Last Saturday we attended the Women’s Tennis Association semi-finals to watch Serena Williams play, and Friday we went to a league soccer game between Istanbul’s Galatasaray (yeah…Drogba plays for them nbd) and Konyaspor from Central Turkey.
The tennis matches were awesome, although by the time Serena arrived, we were on our third match and as fascinating at tennis is, it was getting marginally boring. Serena of course turned all of that around right away, treating us to an intense nail-biter. I was very impressed by the turnout for her match, there were tons of banners and signs…apparently Turkey likes USA, yayy!! I have to say, it would be fascinating to walk around for one day in Serena’s body. I imagine it would be something like putting on the Iron Man suit. That girl is ripped and scary as heck. I bet she can kill flies just by looking at them.
The Galatasaray game was an equally fantastic experience, though extremely different. Tennis is undoubtedly one of the world’s more refined sports. Soccer, though the world’s most beautiful game, is, to put it politely, not nearly as refined and the fans are even less so. The trip to the Turk Telecom Stadium, where Galatasaray plays, transported me straight back to high school football games against our rival team. The excitement in the air was palpable, and as we walked through the subway, echoing chants of “Cimbombom” (Galatasaray’s nickname) echoed through the tunnels. The subway tunnel and train itself were transformed into something more closely resembling the red and gold center of a mosh pit. No one even had to hold on during our subway ride! The entire train was packed so closely, it was just a continuous game of jello, but with lots and lots of large, sweaty, deodorant-free Turkish men. Huzzah. But actually, even despite the smell, it was an awesome experience. The game itself kept everyone on the edge of their seats, and as we’d hoped, Galatasaray pulled away with a 2-1 win. Had they not, I think Alican would actually have been near tears, so I’m real glad we didn’t have to witness a loss.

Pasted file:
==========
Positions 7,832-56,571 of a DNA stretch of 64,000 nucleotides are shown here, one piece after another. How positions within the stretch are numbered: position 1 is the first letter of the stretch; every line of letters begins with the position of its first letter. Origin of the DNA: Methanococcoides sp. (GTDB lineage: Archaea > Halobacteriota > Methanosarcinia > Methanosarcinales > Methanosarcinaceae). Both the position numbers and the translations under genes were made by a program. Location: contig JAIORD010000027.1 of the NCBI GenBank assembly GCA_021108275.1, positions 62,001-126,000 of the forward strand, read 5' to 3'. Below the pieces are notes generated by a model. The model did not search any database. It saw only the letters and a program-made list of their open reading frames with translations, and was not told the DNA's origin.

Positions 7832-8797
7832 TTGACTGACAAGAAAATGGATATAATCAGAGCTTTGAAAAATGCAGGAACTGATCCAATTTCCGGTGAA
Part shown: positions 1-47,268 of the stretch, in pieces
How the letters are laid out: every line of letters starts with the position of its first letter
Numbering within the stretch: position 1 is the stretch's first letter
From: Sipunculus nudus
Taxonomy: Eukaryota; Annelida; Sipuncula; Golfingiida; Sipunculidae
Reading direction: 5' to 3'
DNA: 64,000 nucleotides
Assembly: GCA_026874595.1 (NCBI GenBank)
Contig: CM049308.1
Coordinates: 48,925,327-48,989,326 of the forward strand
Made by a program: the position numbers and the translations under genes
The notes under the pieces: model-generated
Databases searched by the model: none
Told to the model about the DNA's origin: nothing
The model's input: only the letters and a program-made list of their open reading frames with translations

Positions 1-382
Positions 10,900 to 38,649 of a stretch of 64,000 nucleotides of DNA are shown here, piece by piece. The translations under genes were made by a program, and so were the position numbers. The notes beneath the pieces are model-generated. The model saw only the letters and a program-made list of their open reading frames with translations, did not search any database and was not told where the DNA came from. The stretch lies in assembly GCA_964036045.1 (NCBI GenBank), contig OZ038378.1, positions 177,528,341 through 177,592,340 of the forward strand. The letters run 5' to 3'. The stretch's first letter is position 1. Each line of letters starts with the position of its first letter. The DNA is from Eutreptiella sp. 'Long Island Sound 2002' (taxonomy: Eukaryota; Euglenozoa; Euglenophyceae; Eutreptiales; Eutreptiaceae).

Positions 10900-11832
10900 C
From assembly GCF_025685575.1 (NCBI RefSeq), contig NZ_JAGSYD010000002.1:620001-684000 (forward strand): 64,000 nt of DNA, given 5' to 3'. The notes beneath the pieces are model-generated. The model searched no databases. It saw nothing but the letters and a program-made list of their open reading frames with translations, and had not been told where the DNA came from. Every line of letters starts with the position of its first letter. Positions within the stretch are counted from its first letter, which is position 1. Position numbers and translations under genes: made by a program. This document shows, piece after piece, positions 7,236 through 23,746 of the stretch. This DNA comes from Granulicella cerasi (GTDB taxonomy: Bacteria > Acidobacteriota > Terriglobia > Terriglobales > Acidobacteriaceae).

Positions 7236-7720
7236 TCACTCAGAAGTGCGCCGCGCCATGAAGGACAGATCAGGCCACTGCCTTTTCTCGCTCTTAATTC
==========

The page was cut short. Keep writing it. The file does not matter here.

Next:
Tuesday, October 29th was Turkey’s version of the 4th of July, Republic Day, or the day Mustafa Kemal Ataturk (the father of modern Turkey) declared Turkey a secular, democratic republic. I have to say, I think Istanbul’s firework display and evening festivities outdid any 4th of July celebration I’ve ever witnessed or heard about. Turkey worships Ataturk, and the city went absolutely wild for this day celebrating his accomplishments for the country. People walked around for the entire day with red ribbons covered in the Turkish emblem streaming from their hair or tied around their heads, waving flags and chanting the Turkish national anthem. Boats strung with banners declaring “Cumhuriyet ve Demokrasi” (Republic and Democracy) sailed up and down the bosphorus, and every few feet salesmen thrust flags bearing Ataturk’s face and balloons stamped with the Turkish emblem into my hands. Per usual, Alican had hooked us up with the best seat in the house for the fireworks, so we ate our dinner on a balcony overlooking the Bosphorus in Ortaköy. The two Bosphorus bridges shot off sparklers and boats and buildings sent searchlights into the clouds for hours leading up to the display. Huge speakers on the bridges broadcasted the Turkish national anthem and Turkish pop music over the throngs of people wedged up against the railing on the Bosphorus edge.
The firework display itself most certainly did not disappoint. It went on for an hour and a half and didn’t get boring. Every single type of firework made an appearance (although sadly no dragon fireworks like in Lord of the Rings…I’m still searching for the country that can give me one of those), and the finale was heralded by red and white blasts that lit up the sky in the shape of crescents and stars. Alright, alright we get it, Turkey. You win. Throughout all this, I couldn’t help feeling the Turkey love and joining in the national anthem, despite having no idea what the words meant. It was absolutely awesome. Getting to see the birthday celebration for one of the most patriotic countries in the world was truly spectacular (pictures really just can’t do it justice).